2020 - 2021 Harley-Davidson Low Rider S
Harley-Davidson’s cruiser line isn’t usually the first thing that comes to mind for a performance-oriented street machine, but that changes with its recently refurbished Softail Low Rider S model. The steering geometry is sharpened for the sake of agility, and as for power, the torque-rich, Milwaukee-Eight 114 engine delivers the goods with well over 100 pounds o’ grunt ready to be unleashed on the public roads.
2020 - 2021 Harley-Davidson Softail Standard
Harley-Davidson makes some progress on its “100 new bikes” promise with the mid-2020 release of the new Softail Standard that it carries into 2021. The Standard presents a combination of old-school and custom features over a rather minimalist design, and that has the effect of keeping the price down to make this the least expensive Big Twin the MoCo has to offer. It also makes for a great starting point for you would-be bike customizers looking for a suitable platform.
2018 - 2020 Harley-Davidson Breakout
Once again, Harley-Davidson takes what’s old and makes it new again with its revamped-in-2018 Softail lineup. The drag-tastic “Breakout” is one of the models that made the jump and carried into 2020. Harley offered this bobber-burner with the 109 pound-foot, Milwaukee-Eight 107 and the Mil-8 114 that boasts a total of 119 pounds o’ twist last year, but sticks to the 114 for 2020. The ground-up Softail-family rebuild contains myriad changes from the remarkable to the mundane that go way beyond a handful of re-arranged trim packages. This is a re-invention of the whole range with capabilities meant to offset the loss of the Dyna family, and technology more in line with the current industry standards. We’re talking a renewed focus on the Softails as H-D’s sole (or should it be soul?) cruisers.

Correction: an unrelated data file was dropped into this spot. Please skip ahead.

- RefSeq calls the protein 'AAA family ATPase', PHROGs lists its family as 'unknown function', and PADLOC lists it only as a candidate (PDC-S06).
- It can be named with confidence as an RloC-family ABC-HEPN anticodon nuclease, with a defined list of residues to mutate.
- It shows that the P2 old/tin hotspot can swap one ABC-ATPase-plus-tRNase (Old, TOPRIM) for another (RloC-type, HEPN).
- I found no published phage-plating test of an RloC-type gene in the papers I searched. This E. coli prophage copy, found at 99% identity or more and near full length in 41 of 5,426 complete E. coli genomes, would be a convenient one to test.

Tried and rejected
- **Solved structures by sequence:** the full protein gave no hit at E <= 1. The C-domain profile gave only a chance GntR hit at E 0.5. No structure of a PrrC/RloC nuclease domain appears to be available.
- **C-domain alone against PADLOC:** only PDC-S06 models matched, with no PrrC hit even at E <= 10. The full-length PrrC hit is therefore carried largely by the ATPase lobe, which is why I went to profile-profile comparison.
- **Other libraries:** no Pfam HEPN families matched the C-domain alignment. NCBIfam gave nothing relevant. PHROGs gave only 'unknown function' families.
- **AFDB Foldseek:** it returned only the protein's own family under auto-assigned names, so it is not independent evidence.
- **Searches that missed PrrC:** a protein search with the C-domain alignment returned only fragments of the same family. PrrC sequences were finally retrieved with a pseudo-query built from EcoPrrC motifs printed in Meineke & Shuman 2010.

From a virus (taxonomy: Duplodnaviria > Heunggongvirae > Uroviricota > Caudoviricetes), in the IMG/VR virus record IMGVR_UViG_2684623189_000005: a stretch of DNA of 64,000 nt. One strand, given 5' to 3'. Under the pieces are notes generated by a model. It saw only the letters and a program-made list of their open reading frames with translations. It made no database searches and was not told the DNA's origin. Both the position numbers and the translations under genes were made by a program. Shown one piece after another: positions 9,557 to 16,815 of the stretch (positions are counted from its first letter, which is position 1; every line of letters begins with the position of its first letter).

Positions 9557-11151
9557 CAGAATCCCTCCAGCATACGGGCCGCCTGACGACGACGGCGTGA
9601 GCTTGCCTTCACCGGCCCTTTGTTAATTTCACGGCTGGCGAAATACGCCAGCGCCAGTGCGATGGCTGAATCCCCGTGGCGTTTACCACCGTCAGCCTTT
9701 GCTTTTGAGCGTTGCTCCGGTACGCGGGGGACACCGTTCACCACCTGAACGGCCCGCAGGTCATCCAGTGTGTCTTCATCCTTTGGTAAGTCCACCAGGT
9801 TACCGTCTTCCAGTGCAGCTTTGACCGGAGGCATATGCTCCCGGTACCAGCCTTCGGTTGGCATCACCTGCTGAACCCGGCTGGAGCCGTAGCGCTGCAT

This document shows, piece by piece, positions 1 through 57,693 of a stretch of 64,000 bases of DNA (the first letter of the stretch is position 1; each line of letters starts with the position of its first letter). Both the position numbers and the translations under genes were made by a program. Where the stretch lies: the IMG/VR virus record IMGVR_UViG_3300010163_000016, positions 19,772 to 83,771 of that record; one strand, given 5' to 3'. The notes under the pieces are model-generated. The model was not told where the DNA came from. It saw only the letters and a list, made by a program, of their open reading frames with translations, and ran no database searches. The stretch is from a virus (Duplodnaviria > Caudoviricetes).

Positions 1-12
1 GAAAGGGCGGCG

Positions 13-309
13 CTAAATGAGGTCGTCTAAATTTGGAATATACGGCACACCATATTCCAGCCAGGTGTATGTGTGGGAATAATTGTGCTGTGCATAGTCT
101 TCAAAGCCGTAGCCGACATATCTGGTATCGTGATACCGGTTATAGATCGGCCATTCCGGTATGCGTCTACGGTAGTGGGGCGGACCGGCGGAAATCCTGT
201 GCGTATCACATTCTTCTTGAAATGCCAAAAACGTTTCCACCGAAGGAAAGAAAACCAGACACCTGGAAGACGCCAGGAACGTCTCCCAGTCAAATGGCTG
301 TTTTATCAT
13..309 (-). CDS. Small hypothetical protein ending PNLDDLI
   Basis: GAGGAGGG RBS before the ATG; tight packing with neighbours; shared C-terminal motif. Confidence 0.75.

2018 - 2020 Harley-Davidson Fat Bob
Heavily bobbed and blacked-out, the Harley-Davidson Fat Bob came with a choice of engine — the 107-inch Milwaukee-Eight or the 114-inch version – up until 2020 when only the 114 was carried forward. These grunty powerplants, along with a (relatively) sporty new suspension system from the redesign in 2018 give the Fat Bob an aggressive bent meant to appeal to a younger generation of rider. The Fat Bob saw a complete do-over in 2018, so if you rode it before and weren’t impressed, know that you haven’t ridden this Fat Bob.
2019 - 2020 Harley-Davidson FXDR 114
Harley-Davidson advanced its 100-new-bike agenda in 2019 with the new FXDR 114 that turned the nearly-new Softail into a drag race-inspired stoplight burner. The factory went outside the envelope for design inspiration, with some interesting results that head in an unexpected direction, to say the least. A 114 cubic-inch engine delivers the goods to made the FXDR the most powerful production Softail up for grabs, so you can be assured that it’s by no means an all-show/no-go machine. Plus, an effort to shed some weight to improve handling- and ride-quality, and that translates into even better acceleration to make this a rather sporty, non-Sportster ride.